Back in 1972, James Gaylord was fired from his job as a social studies teacher when a school assistant principal found out he was gay. Forty-two years later, the school is issuing him an apology.
Gaylord sued the district after his termination and the case went all the way to the state Supreme Court, where they agreed with the school district’s decision and refused to hear his appeal.
“If Gaylord had not been discharged after he became known as a homosexual, the result would be fear, confusion, suspicion, parental concern, and pressure on the administration by students, parents, and other teachers,” the state Supreme Court majority opinion read.
It was announced this week that the school board president, Kurt Miller, will issue Gaylord a formal apology. It’s not totally clear what sparked the sudden guilt, but nonetheless, it matters.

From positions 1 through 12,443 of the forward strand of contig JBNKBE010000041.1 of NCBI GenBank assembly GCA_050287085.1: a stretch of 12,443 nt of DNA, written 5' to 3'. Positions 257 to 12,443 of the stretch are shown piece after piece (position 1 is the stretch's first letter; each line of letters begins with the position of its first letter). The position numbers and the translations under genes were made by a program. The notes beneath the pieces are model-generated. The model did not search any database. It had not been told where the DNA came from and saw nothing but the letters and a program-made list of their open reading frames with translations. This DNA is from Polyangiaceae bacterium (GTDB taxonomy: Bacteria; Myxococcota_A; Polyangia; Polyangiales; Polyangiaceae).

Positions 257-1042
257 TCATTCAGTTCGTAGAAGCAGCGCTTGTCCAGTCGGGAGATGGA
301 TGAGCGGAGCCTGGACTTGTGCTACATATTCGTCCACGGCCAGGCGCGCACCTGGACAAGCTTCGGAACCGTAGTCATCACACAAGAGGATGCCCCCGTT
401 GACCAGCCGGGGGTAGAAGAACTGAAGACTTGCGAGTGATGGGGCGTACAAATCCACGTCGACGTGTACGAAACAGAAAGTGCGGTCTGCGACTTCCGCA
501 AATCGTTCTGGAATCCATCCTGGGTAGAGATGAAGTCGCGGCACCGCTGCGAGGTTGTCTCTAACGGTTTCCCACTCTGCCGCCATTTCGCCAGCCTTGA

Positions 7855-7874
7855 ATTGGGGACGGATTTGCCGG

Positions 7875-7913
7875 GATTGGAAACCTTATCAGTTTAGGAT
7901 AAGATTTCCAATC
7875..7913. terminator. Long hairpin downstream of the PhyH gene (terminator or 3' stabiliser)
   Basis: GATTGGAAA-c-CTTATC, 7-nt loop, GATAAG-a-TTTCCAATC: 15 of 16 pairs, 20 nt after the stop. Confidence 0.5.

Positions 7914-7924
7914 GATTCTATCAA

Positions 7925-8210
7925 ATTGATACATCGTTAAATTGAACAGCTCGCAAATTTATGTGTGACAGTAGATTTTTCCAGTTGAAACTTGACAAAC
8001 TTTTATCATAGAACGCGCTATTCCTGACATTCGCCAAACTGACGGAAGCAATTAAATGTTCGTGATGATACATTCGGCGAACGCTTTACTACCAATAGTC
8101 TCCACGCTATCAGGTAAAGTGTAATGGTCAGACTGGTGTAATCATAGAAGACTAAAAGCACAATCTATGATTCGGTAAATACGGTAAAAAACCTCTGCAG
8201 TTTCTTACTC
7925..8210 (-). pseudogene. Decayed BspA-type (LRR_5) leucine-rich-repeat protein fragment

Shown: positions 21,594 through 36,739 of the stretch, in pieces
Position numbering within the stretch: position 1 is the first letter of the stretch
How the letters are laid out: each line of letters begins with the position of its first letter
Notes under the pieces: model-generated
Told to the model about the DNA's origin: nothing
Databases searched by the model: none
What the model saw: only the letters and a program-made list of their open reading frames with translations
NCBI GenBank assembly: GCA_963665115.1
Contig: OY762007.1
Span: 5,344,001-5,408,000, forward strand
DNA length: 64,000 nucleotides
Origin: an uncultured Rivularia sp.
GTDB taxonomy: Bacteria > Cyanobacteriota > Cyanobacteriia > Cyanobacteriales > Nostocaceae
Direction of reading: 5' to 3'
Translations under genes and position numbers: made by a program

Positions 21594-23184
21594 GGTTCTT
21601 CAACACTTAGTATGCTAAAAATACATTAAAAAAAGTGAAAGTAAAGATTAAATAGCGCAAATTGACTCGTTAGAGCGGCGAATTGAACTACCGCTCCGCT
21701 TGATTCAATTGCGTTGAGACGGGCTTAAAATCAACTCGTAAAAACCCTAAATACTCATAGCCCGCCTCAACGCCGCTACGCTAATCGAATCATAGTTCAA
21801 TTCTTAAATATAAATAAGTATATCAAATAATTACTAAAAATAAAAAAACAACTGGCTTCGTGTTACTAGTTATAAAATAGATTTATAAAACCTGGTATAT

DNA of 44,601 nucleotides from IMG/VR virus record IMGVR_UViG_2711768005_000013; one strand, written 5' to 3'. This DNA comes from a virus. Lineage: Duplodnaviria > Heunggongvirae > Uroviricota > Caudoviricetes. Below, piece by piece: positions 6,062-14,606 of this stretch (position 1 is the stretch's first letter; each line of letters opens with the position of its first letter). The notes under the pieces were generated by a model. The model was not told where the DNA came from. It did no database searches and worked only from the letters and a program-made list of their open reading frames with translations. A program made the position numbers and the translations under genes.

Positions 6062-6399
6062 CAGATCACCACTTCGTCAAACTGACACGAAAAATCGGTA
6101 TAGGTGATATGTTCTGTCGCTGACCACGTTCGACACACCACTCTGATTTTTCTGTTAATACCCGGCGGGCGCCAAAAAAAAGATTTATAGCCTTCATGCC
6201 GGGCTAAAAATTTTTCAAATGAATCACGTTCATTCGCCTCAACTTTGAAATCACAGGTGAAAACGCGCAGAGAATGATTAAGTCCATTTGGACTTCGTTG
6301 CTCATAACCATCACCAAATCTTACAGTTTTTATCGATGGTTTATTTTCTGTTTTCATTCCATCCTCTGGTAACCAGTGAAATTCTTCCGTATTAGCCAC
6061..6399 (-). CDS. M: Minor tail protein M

“In retrospect, I guess I could have denied it, or refused to answer,” Gaylord told the Seattle Post-Intelligencer in 2004. “But I figured that if it had gotten to the point where the assistant principal was visiting me at home, there wasn’t much possibility a denial would accomplish anything. I would do it all over again,” Gaylord said. “There were a lot of people who thought it was a losing battle. But it still advanced the cause for equal rights.”